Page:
Domini Kemp: Eat your greens

This barely cooked, nutrient rich soup is the perfectantidote to the excesses of the party season

So, what do you do if you want to harvest the maximum amount of nutrients from your greens but you can’t bear the idea of eating them cold? Domini Kemp’s Green Soup and Almond Crackers. Photograph: Nick Bradshaw

So, what do you do if you want to harvest the maximum amount of nutrients from your greens but you can’t bear the idea of eating them cold? Domini Kemp’s Green Soup and Almond Crackers. Photograph: Nick Bradshaw

 

E at my greens? Sure, I can do that. But apart from salad leaves and a select few others – the regal asparagus perhaps – the idea of eating cold greens holds scant appeal, especially at this time of year. Hibernation food it is not.

And yet, most greens are far more nutrient-dense when raw or just very slightly cooked. Which means, not hot. Along with the water they’re cooked in, most of the life-giving compounds in green veg will just disappear if too much heat is applied.

The vagaries of some veg don’t make things easy either. Take spinach, for example, the star of my first recipe. Spinach is a fantastically nutritious leafy green – packed with protein, calcium and B vitamins. Iron is the least of its attributes, really, whatever Popeye has to say about it.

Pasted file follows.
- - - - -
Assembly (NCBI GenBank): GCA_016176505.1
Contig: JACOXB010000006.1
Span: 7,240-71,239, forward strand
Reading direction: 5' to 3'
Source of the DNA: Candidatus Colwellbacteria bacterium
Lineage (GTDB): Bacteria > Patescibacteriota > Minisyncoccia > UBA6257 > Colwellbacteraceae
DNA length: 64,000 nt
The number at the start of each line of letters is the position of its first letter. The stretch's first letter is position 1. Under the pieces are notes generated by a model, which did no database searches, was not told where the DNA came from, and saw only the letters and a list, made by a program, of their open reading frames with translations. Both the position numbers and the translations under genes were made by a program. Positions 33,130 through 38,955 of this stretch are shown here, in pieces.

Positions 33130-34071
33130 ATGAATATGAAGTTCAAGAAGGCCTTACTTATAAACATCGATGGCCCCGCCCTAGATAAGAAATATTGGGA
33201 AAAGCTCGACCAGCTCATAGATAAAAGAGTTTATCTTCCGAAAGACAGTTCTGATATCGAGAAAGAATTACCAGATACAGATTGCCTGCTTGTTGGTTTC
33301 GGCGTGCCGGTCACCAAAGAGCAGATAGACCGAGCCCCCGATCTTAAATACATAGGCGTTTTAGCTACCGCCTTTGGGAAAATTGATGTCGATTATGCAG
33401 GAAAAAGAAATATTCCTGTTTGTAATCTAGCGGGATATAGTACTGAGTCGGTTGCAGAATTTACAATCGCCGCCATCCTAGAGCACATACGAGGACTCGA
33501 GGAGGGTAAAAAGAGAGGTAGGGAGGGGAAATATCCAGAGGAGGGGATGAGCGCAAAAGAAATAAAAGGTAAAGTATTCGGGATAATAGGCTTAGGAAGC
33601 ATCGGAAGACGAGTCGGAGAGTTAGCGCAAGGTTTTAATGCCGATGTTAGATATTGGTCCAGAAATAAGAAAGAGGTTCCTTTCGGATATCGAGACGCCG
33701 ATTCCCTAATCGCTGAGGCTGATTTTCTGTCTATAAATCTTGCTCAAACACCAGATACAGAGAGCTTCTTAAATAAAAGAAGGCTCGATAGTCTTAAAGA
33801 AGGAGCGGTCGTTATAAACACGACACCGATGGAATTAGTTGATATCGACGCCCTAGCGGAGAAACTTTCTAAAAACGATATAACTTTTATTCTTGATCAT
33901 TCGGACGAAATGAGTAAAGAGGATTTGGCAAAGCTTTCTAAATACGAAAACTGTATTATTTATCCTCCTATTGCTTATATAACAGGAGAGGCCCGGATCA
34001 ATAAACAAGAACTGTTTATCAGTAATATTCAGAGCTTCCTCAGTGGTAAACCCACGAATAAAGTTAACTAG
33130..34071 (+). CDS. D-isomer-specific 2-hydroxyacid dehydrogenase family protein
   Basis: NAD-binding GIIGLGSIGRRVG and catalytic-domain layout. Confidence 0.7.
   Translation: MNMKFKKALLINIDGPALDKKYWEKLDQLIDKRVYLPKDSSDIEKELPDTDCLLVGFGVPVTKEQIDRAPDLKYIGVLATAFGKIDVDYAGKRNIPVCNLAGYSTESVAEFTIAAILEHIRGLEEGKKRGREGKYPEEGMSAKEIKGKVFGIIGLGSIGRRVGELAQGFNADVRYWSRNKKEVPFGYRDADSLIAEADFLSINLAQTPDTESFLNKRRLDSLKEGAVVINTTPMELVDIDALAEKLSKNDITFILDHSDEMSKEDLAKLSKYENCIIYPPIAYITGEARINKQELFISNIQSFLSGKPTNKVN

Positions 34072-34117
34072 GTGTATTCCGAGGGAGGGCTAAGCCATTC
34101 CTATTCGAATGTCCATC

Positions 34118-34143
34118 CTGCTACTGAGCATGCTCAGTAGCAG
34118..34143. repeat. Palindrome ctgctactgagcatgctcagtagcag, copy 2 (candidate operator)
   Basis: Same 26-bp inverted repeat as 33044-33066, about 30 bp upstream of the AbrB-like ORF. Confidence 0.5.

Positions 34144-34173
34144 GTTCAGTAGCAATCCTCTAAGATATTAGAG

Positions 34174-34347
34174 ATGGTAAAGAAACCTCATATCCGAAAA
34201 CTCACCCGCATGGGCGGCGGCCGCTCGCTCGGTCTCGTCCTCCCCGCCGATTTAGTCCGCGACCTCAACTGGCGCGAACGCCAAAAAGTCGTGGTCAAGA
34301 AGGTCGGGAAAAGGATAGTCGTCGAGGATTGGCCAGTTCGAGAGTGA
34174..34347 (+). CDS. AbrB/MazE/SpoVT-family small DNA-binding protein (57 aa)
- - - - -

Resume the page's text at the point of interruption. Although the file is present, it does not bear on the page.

But spinach is contrary too, yielding most nutrients when raw, but certain others when cooked – steamed or sauted. Tomatoes are the same. The powerful antioxidant lycopene, which gives them their vibrant colour, will only give itself up when heat is applied to the tomatoes. Boost the fat levels in your tomato sauce, too, and the rate of lycopene absorption rises significantly, so you get more anti-inflammatory bang for your buck.

So, what do you do if you want to harvest the maximum amount of nutrients from your greens but you can’t bear the idea of eating them cold?

Well, gentle steaming or sauteeing keeps more nutrients intact. Another personal favourite, if opting for leaves, is to use a warm dressing; this works particularly well with spinach because its robust leaves won’t wilt immediately. Or you can add warm ingredients – grilled halloumi and peppers, say; crispy fried pancetta or bacon; lightly toasted nuts and seeds; oven-roasted tomatoes; or even a poached egg.

In my first recipe this week, spinach takes centre stage in a soup that gets gently coaxed over heat until it is just warm. Co-starring with this nutritional powerhouse are other stars of the green firmament: celery, fennel and courgette. This is not a soup for the faint-hearted, but it’s super nutritious and very flavoursome, and I can’t imagine any cold or flu virus ever daring to come near me if I ate this regularly enough. It’s also a welcome antidote to December excesses. A big batch of this will keep your bowl full at lunch for a few days.

The second recipe is for some low-carb crackers made with ground almonds, seeds and herbs, and bound together with egg.

The rolling out part can be a bit tricky, but the results are worth it. Good to have around when you want to snack on something that isn’t dry roasted, that you want to eat by the handful.

dkemp@irishtimes.com

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